One of the themes of Murray Rothbard’s writings on the nature of the state is that state power ultimately depends on the perpetuation of a body of beliefs and superstitions about the benevolence and necessity of the state, and the alleged evils of private property, free enterprise, individual liberty, and the civil society. Because the citizens always outnumber any ruling class by many orders of magnitude, they must somehow be made to acquiesce in the ruling class’s plundering of their society in the name of “progress,” “nationalism,” “the greater good,” “socialism,” or whatever.
Beatings, imprisonment, torture, and mass murder are time-tested tools of the state, but they can be very costly and can instigate a revolution. Therefore, relentless propaganda is often relied upon instead to secure the power and privileges of the state and statists.
Once the people of the Soviet empire finally understood that socialist propaganda was all a big lie, the regime was doomed. At that point it was always just a matter of how much beating, imprisonment, torture, and mass murder the thugs and criminals who ran the Soviet government could get away with to keep the system going.
American history is vastly different from the grotesque history of Soviet Russia, but in some ways it is similar. Until recently, there has never been much of a movement to bring full-fledged socialism to America. The ideological battle was not so much capitalism versus socialism but capitalism and freedom versus interventionism and paternalistic regulation and taxation. The interventionists eventually won out, so that today’s political/economic system (in the U.S. and in many other copycat countries) can be described as “participatory fascism,” to borrow a phrase used by Robert Higgs. It is a system of crony capitalism financed by a central bank, government borrowing, and pervasive taxation. It is a system that is of plutocratic elites, for plutocratic elites, and by plutocratic elites (to paraphrase Abraham Lincoln, the true founding father of this system). The massive welfare state is merely used to buy enough votes to maintain the “legitimacy” of the system.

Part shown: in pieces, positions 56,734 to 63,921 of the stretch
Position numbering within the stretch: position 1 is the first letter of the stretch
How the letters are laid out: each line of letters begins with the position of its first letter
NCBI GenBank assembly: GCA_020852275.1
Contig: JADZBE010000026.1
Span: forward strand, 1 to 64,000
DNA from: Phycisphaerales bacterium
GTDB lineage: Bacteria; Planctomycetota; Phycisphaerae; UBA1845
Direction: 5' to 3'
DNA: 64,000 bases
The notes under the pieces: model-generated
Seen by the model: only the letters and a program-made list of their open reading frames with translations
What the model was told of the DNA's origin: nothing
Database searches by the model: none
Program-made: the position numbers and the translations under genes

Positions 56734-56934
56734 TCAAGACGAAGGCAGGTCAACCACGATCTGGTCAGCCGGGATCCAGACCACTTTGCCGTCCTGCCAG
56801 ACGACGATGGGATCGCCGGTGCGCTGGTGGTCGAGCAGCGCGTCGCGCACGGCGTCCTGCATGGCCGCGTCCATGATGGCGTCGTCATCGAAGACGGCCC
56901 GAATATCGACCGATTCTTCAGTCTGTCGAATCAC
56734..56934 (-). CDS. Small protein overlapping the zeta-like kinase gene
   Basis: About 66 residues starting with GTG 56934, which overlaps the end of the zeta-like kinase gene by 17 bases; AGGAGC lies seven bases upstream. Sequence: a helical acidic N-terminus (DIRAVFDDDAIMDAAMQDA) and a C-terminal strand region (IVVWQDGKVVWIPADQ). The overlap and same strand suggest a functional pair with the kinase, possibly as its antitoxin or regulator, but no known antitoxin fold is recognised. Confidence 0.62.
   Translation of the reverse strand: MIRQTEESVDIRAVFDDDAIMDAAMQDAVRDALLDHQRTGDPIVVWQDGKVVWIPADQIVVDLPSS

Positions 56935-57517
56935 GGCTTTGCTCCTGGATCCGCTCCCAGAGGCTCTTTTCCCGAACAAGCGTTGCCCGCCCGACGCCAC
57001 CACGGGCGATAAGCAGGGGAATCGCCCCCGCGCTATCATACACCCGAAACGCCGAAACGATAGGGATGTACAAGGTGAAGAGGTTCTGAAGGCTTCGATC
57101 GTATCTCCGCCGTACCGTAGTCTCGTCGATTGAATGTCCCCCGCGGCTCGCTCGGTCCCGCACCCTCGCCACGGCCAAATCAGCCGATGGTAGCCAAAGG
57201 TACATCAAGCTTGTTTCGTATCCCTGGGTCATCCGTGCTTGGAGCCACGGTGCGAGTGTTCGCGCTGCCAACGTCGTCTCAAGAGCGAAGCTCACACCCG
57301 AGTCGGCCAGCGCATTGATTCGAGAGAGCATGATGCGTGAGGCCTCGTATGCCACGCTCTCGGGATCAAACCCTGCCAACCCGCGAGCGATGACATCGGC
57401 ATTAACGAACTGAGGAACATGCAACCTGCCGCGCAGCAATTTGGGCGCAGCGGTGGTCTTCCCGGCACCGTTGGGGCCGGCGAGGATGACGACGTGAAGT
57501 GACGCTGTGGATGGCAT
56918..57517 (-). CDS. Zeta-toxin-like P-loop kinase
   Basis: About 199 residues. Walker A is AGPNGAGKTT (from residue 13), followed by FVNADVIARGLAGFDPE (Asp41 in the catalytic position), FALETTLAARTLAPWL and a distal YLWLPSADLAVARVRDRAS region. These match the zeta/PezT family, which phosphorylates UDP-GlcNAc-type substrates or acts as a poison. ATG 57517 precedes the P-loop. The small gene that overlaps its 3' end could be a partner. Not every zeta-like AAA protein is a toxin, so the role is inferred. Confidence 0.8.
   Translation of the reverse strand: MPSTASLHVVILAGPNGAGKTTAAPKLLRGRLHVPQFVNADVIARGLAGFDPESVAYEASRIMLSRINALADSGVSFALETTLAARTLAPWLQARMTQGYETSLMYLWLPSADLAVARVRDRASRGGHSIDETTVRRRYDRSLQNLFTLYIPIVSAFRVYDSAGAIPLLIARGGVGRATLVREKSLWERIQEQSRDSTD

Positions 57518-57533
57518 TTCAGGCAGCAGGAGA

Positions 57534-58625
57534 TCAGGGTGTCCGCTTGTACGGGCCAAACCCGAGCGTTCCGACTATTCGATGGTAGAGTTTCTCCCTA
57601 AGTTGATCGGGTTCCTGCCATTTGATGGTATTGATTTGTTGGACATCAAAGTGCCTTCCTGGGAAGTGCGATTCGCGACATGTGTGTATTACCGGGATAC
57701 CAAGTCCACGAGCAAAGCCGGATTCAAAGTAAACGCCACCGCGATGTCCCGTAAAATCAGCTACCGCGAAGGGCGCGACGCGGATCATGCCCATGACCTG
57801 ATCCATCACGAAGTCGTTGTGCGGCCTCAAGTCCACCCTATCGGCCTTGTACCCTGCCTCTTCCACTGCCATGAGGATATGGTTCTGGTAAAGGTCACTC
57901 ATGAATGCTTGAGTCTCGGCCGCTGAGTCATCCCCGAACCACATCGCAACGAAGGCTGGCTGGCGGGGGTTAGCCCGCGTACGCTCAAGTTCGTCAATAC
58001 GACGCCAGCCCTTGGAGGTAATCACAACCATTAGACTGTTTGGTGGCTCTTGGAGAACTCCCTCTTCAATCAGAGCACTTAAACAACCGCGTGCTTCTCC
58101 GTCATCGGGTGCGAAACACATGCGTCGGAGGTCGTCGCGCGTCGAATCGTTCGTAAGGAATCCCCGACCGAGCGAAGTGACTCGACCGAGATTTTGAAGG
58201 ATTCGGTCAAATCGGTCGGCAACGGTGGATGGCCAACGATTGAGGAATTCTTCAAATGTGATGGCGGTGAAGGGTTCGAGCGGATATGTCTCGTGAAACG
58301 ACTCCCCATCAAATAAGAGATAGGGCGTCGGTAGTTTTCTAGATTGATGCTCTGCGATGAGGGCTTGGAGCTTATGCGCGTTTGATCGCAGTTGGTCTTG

Like Soviet socialism, this system is grounded on a particular ideology or collection of superstitions about the evils of private, competitive markets and the supposed benevolence and necessity of state intervention. The ideology is not socialism but goes under several different names, such as “economic nationalism” or “Hamiltonianism.”
Beginning on Thursday, January 3, I will be teaching a five-week online course under the auspices of the Mises Academy on the historical evolution of this interventionist ideology, and on what it means for Americans (and others) today. The course will be entitled “Participatory Fascism: Hamilton, Clay, Lincoln and the Curse of Economic Nationalism.” This system was almost entirely cemented into place during the American “Civil War,” and was the ultimate victory of a political movement that was led at first by Alexander Hamilton, and then by Henry Clay, and then Lincoln. A tentative week-by-week outline is as follows:
Week 1: Hamilton, Jefferson, and the Debate Over American Mercantilism
Week 2: The Hamilton/Clay “American System”
Week 3: Abraham Lincoln and the Triumph of Hamiltonian Mercantilism
Week 4: Hamiltonian Hegemony
Week 5: The Importance Today of “The Revolution of 1913”
Each online class will consist of a 45-60 minute lecture followed by 30-45 minutes of Q &A. There will be two online exams for those who wish to take the course for a grade.
The video lectures are online. Lectures will be Thursday evenings, 5:30-7:00 pm Eastern time. You do not need to be able to attend live, as the lectures will be recorded and made available for enrolled students to download.
All readings for the course will be free and available online.
Grades and Certificates
The final grade will depend on quizzes. Taking the course for a grade is optional. The Mises Academy is currently not accredited, but this course is worth 3 credits in our own internal system. Feel free to ask your school to accept Mises Academy credits. You will receive a digital Certificate of Completion for this course if you take it for a grade, and a Certificate of Participation if you take it on a paid-audit basis.
If you drop the course during its first week (7 calendar days), you will receive a full refund, minus a $25 processing fee. If you drop the course during its second week, you will receive a half refund. No refunds will be granted following the second week.